If you are Black in America, you need not worry with setting goals too far in advance, for you might not live long enough to see them to fruition.
On Saturday, April 29th, 2017, Jordan Edwards was slain at the hands of a police officer in Dallas, Texas. He was leaving a house party with a group of friends and his brother. He did not engage with the officer. He did not threaten the officer. He did not have a weapon. He wasn’t fleeing the scene. He was simply…leaving. Yet he was shot and killed with a rifle while sitting helplessly in the passenger seat of a car.
He was 15 years old, a high school freshman, a good student, a talented athlete, a son, a brother, a friend — but most importantly, albeit tragically…he was Black. And in this country, Blackness is far more than just a box checked on an application, an induction into the comradery and inclusiveness of cultural references through ‘Black Twitter’, a prerequisite for good rhythm or being knowledgeable of slang terms, or an innate predisposition to pull the ‘race card’, as others would ignorantly suggest. No, our Blackness in America transcends the impact our community has had on the cuisine, music, literature, culture and the fashion industries of this nation. Our Blackness trumps the very fiber of our ancestral blood rooted in the depths of the very ground we walk on, because in America, our Blackness is a death sentence.
The irony of this country: ‘The land of the free’, is how the very argument of our Blackness symbolizing more, can quite actually be a paradoxical statement. It seems that for murderous police officers, volunteer ‘neighborhood watchmen’, and a disturbingly large population of the nation find our Blackness to be far less. So less in fact, that our accomplishments and contributions to this country mean absolutely nothing to them. We aren’t given the benefit of the doubt. We aren’t seen as individuals. We aren’t seen as equals. So while our Blackness bears such a tremendous and impactful weight on our shoulders — it means absolutely nothing to them. Which would explain why it’s so easy for them to murder us and defend it.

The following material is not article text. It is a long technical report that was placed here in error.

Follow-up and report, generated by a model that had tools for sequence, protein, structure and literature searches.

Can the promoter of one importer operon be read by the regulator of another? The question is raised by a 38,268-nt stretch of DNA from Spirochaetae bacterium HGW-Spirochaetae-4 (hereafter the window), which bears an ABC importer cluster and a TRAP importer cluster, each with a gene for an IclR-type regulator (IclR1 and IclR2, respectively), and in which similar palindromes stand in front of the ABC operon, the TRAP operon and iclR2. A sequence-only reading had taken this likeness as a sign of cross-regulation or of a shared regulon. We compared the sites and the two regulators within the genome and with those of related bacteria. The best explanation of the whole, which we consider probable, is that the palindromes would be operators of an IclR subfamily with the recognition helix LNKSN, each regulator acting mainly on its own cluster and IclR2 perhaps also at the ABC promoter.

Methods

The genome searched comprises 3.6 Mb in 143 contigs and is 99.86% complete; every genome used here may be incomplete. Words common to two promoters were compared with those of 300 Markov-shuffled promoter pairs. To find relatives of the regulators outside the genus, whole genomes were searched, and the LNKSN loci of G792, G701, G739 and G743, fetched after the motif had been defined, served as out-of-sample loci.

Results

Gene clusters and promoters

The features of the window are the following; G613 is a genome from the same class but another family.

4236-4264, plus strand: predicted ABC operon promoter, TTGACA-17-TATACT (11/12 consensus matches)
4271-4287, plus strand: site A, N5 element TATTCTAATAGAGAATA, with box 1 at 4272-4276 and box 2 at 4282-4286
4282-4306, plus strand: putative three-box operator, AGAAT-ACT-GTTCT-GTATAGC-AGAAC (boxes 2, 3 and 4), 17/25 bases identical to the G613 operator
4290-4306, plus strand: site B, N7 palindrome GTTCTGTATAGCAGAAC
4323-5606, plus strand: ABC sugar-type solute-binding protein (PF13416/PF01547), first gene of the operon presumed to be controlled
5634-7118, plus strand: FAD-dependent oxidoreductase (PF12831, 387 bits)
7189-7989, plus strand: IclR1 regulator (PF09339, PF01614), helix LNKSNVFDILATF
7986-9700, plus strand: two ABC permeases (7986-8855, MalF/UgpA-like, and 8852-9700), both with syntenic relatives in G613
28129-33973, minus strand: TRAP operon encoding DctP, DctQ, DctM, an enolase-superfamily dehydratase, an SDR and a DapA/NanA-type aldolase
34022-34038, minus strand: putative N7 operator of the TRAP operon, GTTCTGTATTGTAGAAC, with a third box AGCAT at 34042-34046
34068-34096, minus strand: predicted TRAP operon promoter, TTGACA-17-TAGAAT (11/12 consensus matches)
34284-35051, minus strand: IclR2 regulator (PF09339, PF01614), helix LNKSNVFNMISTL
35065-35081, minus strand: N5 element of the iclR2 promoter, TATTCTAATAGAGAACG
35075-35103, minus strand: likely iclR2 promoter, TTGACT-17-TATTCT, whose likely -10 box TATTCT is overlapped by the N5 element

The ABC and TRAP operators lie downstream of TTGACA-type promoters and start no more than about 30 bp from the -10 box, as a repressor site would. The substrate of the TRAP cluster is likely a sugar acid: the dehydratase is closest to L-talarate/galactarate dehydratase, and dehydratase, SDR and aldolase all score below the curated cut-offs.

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I am the mother of a 7 year old Black boy. I weep every time I read a story of another Black person killed, especially a child. I see his face on the faces of the children slain. He is them and they are him. They are branded the moment they’re born: dangerous, intimidating, shifty, and suspicious. And we, their mothers, plan their funerals before we plan their graduations.
We wonder…how do we tell them that they may die? Is that something you tell a young boy? Do you prepare them for the evils of this world? Or do you allow them to enjoy their blissful ignorance, even at the risk of their own lives? How do you prevent someone from being in the wrong place, at the wrong time? How do we protect our children when we are also in danger?
Are we to continue to play defense while the opposition continues to absolve itself? If we aren’t going to tackle this issue from the root — systemic racism, economic disenfranchisement, etc., then how are we to grow as a country? Because despite the technological advancements, America has been singing the same tragic and murderous tune since its founding. And we’re sick and tired of it.
We don’t sign up to be martyrs. We don’t strive to have our loved one’s faces on the next poster at a Black Lives Matter march. We don’t look for new bodies to keep the movement going. We look for our children to return home when they leave in the morning. We look for our brothers, sisters, fathers, and mothers to come home in one piece. We look towards our future with hope and promise. We look for a resolution. An end. So our lives can finally begin — uninterrupted.
My sincerest condolences to the family of Jordan Edwards. My prayers are with his family and with every Black family in America. We matter. We have always risen in the face of adversity and we too shall rise above this.